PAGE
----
The Galaxy/December, 1870
I take the following paragraph from an article in the Boston “Advertiser”:
An English Critic on Mark Twain.
Perhaps the most successful flights of the humor of Mark Twain have been descriptions of the persons who did not appreciate his humor at all. We have become familiar with the Californians who were thrilled with terror by his burlesque of a newspaper reporter’s way of telling a story, and we have heard of the Pennsylvania clergyman who sadly returned his “Innocents Abroad” to the book-agent with the remark that “the man who could shed tears over the tomb of Adam must be an idiot.” But Mark Twain may now add a much more glorious instance to his string of trophies. The Saturday Review, in its number of October 8th, reviews his book of travels, which has been republished in England, and reviews it seriously. We can imagine the delight of the humorist in reading this tribute to his power; and indeed it is so amusing in itself that he can hardly do better than reproduce the article in full in his next monthly Memoranda.
[Publishing the above paragraph thus, gives me a sort of authority for reproducing the “Saturday Review’s” article in full in these pages. I dearly wanted to do it, for I cannot write anything half so delicious myself. If I had a cast-iron dog that could read this English criticism and preserve his austerity, I would drive him off the door-step.—EDITOR MEMORANDA.]
[From the London Saturday Review]
Reviews of New Books
THE INNOCENTS ABROAD. A Book of Travels By Mark Twain. London: Hotten, publisher. 1870.
Lord Macaulay died too soon. We never felt this so deeply as when we finished the last chapter of the above-named extravagant work. Macaulay died too soon—for none but he could mete out complete and comprehensive justice to the insolence, the impertinence, the presumption, the mendacity, and, above all, the majestic ignorance of this author.
To say that the “Innocents Abroad” is a curious book, would be to use the faintest language—would be to speak of the Matterhorn as a neat elevation or of Niagara as being “nice” or “pretty.” “Curious” is too tame a word wherewith to describe the imposing insanity of this work. There is no word that is large enough or long enough. Let us, therefore, photograph a passing glimpse of book and author, and trust the rest to the reader. Let the cultivated English student of human nature picture to himself this Mark Twain as a person capable of doing the following-described things—and not only doing them, but with incredible innocence printing them calmly and tranquilly in a book. For instance:
He states that he entered a hair-dresser’s in Paris to get shaved, and the first “rake” the barber gave with his razor it loosened his “hide” and lifted him out of the chair.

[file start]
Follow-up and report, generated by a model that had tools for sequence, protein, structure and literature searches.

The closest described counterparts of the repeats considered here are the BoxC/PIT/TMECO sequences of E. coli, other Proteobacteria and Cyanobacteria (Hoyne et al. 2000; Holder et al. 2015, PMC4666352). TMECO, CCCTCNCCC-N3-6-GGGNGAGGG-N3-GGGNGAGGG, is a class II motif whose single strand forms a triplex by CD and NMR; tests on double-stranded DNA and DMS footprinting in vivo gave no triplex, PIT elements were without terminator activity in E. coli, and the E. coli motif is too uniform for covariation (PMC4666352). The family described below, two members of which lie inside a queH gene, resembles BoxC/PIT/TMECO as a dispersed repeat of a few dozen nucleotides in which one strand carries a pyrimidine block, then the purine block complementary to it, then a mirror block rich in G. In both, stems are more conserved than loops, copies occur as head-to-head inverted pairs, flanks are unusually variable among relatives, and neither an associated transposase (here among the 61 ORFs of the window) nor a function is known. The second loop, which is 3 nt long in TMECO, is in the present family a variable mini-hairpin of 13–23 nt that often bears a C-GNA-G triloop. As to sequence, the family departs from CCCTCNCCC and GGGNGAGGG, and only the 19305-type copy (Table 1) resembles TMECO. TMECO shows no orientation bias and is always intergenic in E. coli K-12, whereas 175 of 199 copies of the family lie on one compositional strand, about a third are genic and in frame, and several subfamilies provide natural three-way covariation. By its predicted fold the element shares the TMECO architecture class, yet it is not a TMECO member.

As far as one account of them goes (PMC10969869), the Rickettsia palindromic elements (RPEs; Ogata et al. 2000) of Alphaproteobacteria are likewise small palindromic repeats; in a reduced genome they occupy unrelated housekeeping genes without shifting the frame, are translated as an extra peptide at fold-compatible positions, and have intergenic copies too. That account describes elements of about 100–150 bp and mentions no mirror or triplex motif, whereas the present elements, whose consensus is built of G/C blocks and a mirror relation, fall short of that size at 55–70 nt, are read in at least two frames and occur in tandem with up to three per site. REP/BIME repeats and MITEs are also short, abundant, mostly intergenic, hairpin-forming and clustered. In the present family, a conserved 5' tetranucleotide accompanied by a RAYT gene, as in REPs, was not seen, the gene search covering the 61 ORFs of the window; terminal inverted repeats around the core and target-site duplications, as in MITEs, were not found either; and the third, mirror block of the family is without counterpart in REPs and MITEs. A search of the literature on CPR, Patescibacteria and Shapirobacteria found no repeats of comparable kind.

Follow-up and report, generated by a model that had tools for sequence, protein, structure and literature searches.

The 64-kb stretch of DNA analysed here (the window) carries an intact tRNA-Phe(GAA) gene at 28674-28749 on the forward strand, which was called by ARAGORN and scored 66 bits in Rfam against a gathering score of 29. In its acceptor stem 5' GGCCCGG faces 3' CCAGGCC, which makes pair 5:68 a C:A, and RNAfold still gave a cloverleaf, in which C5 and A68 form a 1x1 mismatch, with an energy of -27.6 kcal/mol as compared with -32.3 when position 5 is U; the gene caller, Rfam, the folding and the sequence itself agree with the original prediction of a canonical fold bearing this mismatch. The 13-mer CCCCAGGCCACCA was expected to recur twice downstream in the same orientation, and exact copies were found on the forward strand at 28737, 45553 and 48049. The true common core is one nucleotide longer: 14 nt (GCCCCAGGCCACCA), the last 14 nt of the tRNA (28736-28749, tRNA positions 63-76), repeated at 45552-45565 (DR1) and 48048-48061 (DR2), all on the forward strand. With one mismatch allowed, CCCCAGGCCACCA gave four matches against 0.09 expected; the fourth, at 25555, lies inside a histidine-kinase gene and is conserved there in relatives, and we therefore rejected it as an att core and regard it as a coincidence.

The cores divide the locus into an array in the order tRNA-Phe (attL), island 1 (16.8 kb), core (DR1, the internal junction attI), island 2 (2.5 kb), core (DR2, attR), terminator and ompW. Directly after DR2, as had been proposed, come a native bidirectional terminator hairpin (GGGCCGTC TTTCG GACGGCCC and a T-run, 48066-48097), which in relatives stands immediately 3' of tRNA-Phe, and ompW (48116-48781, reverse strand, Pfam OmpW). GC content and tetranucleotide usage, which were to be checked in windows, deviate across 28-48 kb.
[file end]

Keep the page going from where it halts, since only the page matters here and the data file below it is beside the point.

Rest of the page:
This is unquestionably exaggerated. In Florence he was so annoyed by beggars that he pretends to have seized and eaten one in a frantic spirit of revenge. There is of course no truth in this. He gives at full length a theatrical programme seventeen or eighteen hundred years old, which he professes to have found in the ruins of the Coliseum, among the dirt and mould and rubbish. It is a sufficient comment upon this statement to remark that even a cast-iron programme would not have lasted so long under such circumstances. In Greece he plainly betrays both fright and flight upon one occasion, but with frozen effrontery puts the latter in this falsely tame form: “We sidled towards the Piraeus.” “Sidled,” indeed! He does not hesitate to intimate that at Ephesus, when his mule strayed from the proper course, he got down, took him under his arm, carried him to the road again, pointed him right, remounted, and went to sleep contentedly till it was time to restore the beast to the path once more. He states that a growing youth among his ship’s passengers was in the constant habit of appeasing his hunger with soap and oakum between meals. In Palestine he tells of ants that came eleven miles to spend the summer in the desert and brought their provisions with them; yet he shows by his description of the country that the feat was an impossibility. He mentions, as if it were the most commonplace of matters, that he cut a Moslem in two in broad daylight in Jerusalem, with Godfrey de Bouillon’s sword, and would have shed more blood if he had had a graveyard of his own. These statements are unworthy a moment’s attention. Mr. Twain or any other foreigner who did such a thing in Jerusalem would be mobbed, and would infallibly lose his life. But why go on? Why repeat more of his audacious and exasperating falsehoods? Let us close fittingly with this one: he affirms that “in the mosque of St. Sophia at Constantinople I got my feet so stuck up with a complication of gums, slime, and general impurity, that I wore out more than two thousand pair of bootjacks getting my boots off that night, and even then some Christian hide peeled off with them.” It is monstrous. Such statements are simply lies—there is no other name for them. Will the reader longer marvel at the brutal ignorance that pervades the American nation when we tell him that we are informed upon perfectly good authority that this extravagant compilation of falsehoods, this exhaustless mine of stupendous lies, this “Innocents Abroad,” has actually been adopted by the schools and colleges of several of the States as a textbook!